Recruitment of Underage Girls for the Sex Trade is Widespread
FOR IMMEDIATE RELEASE
New York, NY – In the closely watched federal sex trafficking case, the jury convicted Ghislaine Maxwell on all but one count of sex trafficking and related charges in which mostly disadvantaged underage girls were recruited and groomed over multiple years and across state lines and international borders for the personal sexploitation of wealthy privileged men.
Maxwell was indicted on two counts of violating the federal Mann Act, which bars transporting people across state lines for illegal sexual activity. Maxwell also faces one charge of sex trafficking of a minor and three charges of sex trafficking conspiracy. Federal law bars recruiting or transporting anyone under 18 to participate in a “commercial sex act.”
The prosecution built a case that focused on Maxwell as the chief recruiter and groomer of mostly underage girls, for her boyfriend Jeffrey Epstein and his friends to abuse.
“Most sex trafficking indictments revolve around profiteering from recruiting and controlling women and children and selling them to men with disposable income,” said Sonia Ossorio, President of the National Organization for Women – New York. “Wealthy individuals like Maxwell and Epstein lure their victims not to make money but for their own sexual gratification.”
Sex trafficking happens in every corner of the US. Women, girls, LGBTQ individuals, and the undocumented are sold on the streets, in brothels, and online by individual profiteers and organized criminal groups.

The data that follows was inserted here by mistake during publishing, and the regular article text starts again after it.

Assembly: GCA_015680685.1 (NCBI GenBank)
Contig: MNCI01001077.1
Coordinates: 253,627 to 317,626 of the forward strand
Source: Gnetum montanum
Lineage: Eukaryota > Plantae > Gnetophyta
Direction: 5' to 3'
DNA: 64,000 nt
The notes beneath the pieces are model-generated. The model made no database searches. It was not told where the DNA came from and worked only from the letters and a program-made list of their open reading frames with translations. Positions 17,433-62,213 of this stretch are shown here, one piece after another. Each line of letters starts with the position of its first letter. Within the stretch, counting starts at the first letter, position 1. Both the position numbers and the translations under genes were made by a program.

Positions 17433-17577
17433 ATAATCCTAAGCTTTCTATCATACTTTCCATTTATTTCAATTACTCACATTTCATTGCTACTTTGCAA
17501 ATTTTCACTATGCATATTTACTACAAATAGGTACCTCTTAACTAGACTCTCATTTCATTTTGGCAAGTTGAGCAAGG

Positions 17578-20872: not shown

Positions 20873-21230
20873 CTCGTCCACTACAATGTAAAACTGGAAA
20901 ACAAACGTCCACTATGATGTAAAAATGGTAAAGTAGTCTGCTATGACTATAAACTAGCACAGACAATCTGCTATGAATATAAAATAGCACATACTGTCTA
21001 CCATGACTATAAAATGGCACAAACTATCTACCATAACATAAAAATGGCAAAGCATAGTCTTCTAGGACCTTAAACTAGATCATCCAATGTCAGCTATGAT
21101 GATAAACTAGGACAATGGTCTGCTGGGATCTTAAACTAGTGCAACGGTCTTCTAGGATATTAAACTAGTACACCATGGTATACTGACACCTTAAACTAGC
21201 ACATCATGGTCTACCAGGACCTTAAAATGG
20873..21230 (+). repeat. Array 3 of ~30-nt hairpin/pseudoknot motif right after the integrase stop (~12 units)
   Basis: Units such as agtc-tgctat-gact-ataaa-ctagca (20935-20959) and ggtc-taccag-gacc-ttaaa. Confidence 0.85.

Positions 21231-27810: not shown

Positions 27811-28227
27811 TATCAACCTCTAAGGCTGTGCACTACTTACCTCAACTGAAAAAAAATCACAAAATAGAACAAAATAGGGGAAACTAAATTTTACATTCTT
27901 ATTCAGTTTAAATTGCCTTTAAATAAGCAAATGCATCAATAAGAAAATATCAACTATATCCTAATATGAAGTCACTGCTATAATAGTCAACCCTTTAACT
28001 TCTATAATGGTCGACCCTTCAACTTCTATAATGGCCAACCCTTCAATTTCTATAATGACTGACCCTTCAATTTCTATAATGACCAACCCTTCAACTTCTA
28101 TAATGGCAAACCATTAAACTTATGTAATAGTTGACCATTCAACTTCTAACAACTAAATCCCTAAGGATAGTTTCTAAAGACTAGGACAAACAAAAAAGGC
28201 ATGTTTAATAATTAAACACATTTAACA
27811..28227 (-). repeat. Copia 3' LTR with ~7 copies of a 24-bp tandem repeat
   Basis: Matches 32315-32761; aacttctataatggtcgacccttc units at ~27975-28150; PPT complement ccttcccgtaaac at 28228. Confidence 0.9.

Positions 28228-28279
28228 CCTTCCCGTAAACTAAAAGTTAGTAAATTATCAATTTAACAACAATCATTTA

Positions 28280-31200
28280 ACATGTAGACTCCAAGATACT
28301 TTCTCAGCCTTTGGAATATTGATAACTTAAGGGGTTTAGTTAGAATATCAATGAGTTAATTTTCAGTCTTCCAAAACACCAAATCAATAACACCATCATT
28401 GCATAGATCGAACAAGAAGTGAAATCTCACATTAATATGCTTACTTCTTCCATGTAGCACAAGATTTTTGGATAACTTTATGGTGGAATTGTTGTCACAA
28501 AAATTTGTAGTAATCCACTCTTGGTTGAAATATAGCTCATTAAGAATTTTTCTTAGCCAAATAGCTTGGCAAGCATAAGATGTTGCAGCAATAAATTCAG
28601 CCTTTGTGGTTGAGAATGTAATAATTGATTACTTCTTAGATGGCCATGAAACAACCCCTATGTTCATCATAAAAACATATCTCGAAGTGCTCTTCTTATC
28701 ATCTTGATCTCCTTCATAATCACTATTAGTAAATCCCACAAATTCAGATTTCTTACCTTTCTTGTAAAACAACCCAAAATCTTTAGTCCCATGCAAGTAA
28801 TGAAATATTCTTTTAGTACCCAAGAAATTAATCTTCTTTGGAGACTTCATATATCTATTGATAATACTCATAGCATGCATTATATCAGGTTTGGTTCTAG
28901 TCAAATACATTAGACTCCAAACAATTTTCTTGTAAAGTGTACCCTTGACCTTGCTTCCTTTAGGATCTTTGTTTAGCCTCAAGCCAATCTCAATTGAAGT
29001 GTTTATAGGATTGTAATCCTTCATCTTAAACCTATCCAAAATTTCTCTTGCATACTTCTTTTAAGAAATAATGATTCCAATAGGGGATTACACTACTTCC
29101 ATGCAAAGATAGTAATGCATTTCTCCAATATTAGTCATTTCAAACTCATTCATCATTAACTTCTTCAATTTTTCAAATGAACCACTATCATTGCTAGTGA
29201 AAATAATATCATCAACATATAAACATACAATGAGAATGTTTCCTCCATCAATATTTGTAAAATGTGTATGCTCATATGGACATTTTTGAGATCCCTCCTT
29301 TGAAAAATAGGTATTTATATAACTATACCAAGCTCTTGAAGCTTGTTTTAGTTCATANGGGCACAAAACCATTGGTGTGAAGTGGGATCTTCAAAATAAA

The Urban Institute studied the sex trade markets in eight cities and found that pimps/promoters in one city earned an average $32,833 per week.
“This case does not reflect the reality of most sex trafficking, which involves delivering victims to paying customers within the world of prostitution,” Ossorio said. “It’s a multi-billion dollar industry that destroys lives, and its victims look no different than the ones recruited by Maxwell for Epstein and his friends.”
The methods of recruitment are also the same: targeting vulnerable people from kids who are poor, in unstable homes, have learning disabilities, etc., to undocumented people with limited opportunities to earn money and limited personal networks. The pattern continues efforts to establish trust by pretending to invest emotionally and financially in their future and providing a masquerade of care and concern for their victims’ well-being. Finally, creating an atmosphere where the abuse is normalized.
“The mansions, jets, and private island helped make this case a worldwide sensation,” Ossorio said. “Behind the wealth and glitz were the same motives and methods used by every sex buyer and pimp on any corner in the USA.”
NOW-NY works to advance economic opportunity for women and fairness in the workplace, protect and expand reproductive rights, and strengthen our criminal justice system for victims of gender-based violence.
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